FTC to apply pressure on Do Not Track
The US Federal Trade Commission (FTC ) is planning on increasing the pressure of the participants in the W3C standardisation process for the Do Not Track (DNT) header. "If by the end of the year or early next year, we haven’t seen a real Do Not Track option for consumers, I suspect the commission will go back and think about whether we want to endorse legislation" said FTC Chairman Jon Leibowitz talking to Politico.
The FTC says that it supports the principles of consumer privacy, intervening where it thinks companies are stepping outside those principles and promoting transparency and choice. This includes the FTC's work with internet stakeholders to offer consumers a choice about where their data goes, though the FTC chairman calls it a "two steps forward, one step back" process. Leibowitz wants a self-regulatory approach and considers the W3C part of that approach. He calls third-party advertising networks who claim the opt-out provided by Do Not Track will damage their business "delusional" and that saying "'The sky is going to fall if you allow a modest opt-out' is just not credible".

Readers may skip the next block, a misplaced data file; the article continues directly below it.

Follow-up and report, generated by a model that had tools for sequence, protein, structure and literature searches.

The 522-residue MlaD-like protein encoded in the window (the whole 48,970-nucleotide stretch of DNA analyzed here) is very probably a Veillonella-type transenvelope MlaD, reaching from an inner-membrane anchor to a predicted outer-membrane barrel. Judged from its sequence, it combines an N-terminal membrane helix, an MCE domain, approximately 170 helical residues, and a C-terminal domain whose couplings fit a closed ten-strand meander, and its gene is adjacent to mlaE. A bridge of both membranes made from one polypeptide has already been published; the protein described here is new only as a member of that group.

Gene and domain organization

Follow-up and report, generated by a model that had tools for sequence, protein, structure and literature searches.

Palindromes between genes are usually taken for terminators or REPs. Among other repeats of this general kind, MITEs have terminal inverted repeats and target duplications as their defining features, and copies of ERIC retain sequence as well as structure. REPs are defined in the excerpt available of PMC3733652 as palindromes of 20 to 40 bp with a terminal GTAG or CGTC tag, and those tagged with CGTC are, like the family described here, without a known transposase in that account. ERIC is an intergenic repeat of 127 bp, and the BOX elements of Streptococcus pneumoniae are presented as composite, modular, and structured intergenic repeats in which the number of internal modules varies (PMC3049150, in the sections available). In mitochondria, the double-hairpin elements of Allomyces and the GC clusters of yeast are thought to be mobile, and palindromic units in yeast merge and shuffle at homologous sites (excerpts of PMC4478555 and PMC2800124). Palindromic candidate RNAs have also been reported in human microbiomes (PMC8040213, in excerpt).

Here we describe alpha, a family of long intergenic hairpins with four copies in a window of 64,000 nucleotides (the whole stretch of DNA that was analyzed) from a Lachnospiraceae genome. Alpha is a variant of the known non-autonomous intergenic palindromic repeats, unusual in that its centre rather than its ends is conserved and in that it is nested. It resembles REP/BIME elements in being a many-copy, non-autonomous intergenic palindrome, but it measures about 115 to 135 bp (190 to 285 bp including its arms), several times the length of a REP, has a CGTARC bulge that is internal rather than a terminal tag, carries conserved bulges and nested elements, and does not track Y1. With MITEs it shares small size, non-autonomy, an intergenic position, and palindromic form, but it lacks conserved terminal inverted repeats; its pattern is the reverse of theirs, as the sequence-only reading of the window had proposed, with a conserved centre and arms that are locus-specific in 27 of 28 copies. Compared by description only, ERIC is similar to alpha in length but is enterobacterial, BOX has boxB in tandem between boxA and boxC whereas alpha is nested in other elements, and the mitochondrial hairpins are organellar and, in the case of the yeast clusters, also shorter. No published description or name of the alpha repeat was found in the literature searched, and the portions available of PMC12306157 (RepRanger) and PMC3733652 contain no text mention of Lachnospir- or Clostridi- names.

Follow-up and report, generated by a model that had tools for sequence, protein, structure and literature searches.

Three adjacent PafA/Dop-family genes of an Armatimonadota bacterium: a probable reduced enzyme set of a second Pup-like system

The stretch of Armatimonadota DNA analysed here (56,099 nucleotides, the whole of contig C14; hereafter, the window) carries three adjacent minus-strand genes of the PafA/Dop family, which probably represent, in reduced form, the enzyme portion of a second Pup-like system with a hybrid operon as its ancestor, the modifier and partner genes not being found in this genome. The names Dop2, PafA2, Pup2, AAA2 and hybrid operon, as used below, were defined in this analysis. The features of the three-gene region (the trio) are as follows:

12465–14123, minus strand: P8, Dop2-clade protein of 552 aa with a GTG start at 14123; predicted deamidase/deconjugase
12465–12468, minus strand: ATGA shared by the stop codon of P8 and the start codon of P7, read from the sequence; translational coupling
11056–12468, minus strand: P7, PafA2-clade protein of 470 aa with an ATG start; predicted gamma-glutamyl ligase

Within the W3C's working group for Do Not Track, browser vendors, advertisers and consumer advocates are trying to standardise a mechanism that lets users simply request that web sites and advertisers do not track their movements on the internet. But the process has hit a number of disagreements over "permitted uses", whether browser makers turning on DNT by default is allowable and others saying that they would ignore such settings. EU Commissioner Neelie Kroes has expressed concern over these delays and is hoping for a quick resolution from the W3C working group which will be compatible with EU legislation.